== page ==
The Mid-Murray Floodplains along the New South Wales and Victorian border are home to some of the highest diversities of native fish species within the Murray-Darling Basin. Threatened and recreationally important species, like the Murray cod, golden perch, trout cod and silver perch, as well as wetland-specialist species, once thrived in the region’s interconnecting rivers, wetlands, billabongs, and lakes.  

Since European settlement, however, it is estimated that native fish populations have decreased by 90% across the Murray Darling Basin, including in the Mid-Murray Floodplains. The compounding impacts of an unpredictable and changing climate, dam and weir infrastructure preventing waterway connectivity and flow, invasive species, removal of instream woody habitat, and degradation of riverbanks have created unsustainable habitats for aquatic species, especially native fish. In the Mid-Murray, of the 22 native fish species who are known to have occurred prior to European settlement, five are now locally extinct and a further seven are threatened.  

One of the Magnificent Six species, the Southern Pygmy Perch can be found in the floodplains in the Mid-Murray region. Source: L. Pearce

The Magnificent Six are a group of small-bodied floodplain specialist fish species that have seen a large decline in the Mid-Murray Floodplains. The Murray hardyhead, olive perchlet, flat-headed galaxias, Yarra pygmy perch, Southern purple-spotted gudgeon and Southern pygmy perch are struggling due to less abundant permanent floodplain habitats. Their decline also has an impact on the local ecosystem, as these species are often food sources for larger fish and floodplain birds.  

A healthy river system and healthy native fish numbers are important for the region and the entire Murray Darling Basin. Ecotourism and recreational fishing provide a significant financial boost to regional economies around the Basin. These activities are estimated to be worth around $8 billion for Murray Darling Basin communities annually and in north-west Victoria, anglers and ecotourism contribute $307 million annually to the region.   

In 2014, the declining native fish populations concerned scientists and community members alike and as a result the North Central Catchment Management Authority (CMA) developed its flagship Native Fish Recovery Plan for the Gunbower Creek and Lower Loddon River. Importantly, the recovery plan has a long-term focus that brings together the local community, First Nations groups, irrigators, water managers, government agencies and scientists. The plan recognises the importance of recovering native fish for regional economies as well as the conservation benefits for threatened native species.  

Gunbower Creek is home to large numbers of native fish and was a focus of the 2014 Native Fish Recovery Plan. Source: North Central CMA.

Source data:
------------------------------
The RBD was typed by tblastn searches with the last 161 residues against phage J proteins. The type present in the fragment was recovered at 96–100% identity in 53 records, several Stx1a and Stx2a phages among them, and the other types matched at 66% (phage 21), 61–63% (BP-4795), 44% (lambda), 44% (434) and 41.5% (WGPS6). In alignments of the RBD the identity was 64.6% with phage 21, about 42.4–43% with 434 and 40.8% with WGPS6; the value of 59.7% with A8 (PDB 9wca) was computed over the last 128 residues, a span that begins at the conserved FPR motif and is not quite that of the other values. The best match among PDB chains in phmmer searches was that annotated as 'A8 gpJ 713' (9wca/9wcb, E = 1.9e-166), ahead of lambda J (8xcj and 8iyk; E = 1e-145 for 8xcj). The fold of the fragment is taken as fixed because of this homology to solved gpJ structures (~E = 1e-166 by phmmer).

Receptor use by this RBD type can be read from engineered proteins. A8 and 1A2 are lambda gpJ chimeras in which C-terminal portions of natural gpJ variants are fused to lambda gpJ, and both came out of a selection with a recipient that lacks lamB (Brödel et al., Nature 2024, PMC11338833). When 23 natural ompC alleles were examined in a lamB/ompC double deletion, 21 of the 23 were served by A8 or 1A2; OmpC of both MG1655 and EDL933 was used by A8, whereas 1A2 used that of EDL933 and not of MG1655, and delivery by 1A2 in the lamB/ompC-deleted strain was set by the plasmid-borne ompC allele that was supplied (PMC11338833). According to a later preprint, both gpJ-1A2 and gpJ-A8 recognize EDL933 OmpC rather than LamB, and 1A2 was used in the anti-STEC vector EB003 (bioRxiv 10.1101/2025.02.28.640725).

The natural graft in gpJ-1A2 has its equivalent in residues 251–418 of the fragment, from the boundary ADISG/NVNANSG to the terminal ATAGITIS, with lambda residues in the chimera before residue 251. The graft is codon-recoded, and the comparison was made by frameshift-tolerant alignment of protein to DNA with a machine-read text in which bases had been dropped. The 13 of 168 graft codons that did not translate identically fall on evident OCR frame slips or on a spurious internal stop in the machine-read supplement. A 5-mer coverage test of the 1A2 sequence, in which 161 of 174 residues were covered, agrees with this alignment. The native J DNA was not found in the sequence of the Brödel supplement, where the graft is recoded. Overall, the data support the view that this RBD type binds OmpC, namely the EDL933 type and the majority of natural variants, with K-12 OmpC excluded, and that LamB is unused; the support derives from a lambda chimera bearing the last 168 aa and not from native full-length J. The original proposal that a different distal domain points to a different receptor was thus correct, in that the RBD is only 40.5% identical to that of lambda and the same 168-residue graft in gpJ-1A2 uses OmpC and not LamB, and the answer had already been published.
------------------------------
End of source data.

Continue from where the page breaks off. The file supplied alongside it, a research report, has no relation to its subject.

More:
In the eight years since its implementation, the plan has achieved outstanding results: 

  • Construction of six large fishways and another two underway.  
  • Australia’s first irrigation channel fish exclusion screen at Cohuna Channel. 
  • 125 instream woody habitats installed. 
  • 40km of fencing, 100 hectares of riparian revegetation and 150 hectares of weed control. 
  • Environmental water management plans for key waterways. 
  • Two captive breeding and conservation stocking programs for threatened fish. 


The 2014 plan was costed at $35-40 million and, for Peter Rose, Coordinator of the Mid-Murray Floodplain Recovery Reach, the Plan has been successful because of several integral components: 

  • Large-scale long-term plan underpinned by strong science. 
  • Ongoing input and collaboration from researchers, consultants, and community. 
  • Strong support and partnerships – especially with First Nations groups, Goulburn Murray Water, and recreational fishers. 
  • Strong government investment in the plan – ~$17.2 million in last 2 years. 


The long-term vision of the Native Fish Recovery Plan has proven the importance of planning for larger-scale projects and allowing the time to see results. This investment in native fish not only benefits the environment and biodiversity conservation, but it also has important economic and recreational benefits.  

At Finterest, we see the benefits of having a plan that engages multiple stakeholders. The plan provides a framework and a common vision that allows different groups and stakeholders to have their work represented and acknowledged in the recovery of native fish.  

Since 2014, native fish like the Murray cod and trout cod are recovering in Gunbower creek, and the once locally extinct Southern purple-spotted gudgeon has been found in several lakes throughout the Lower Loddon catchment. The Murray cod and trout cod’s recovery have been so successful that fishing competitions have been held in the Gunbower creek due to the healthy numbers found.  

Fishing competitions are being held in Gunbower Creek where Murray cod are being found in healthy numbers. Source: Social Fishing.

Currently, a new Mid-Murray Floodplains fish recovery plan is being drafted, and it’s hoped this new plan will see as much success as the 2014 plan.  

The success of the plan shows the importance of long-term commitments and recovery plans for native fish populations. These plans support the hard work of fish and water managers, and support the native fish species and communities that rely on them.


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Featured image: Reedy lagoon, ideal habitat for threatened floodplain specialist fish. Credit: Peter Rose.




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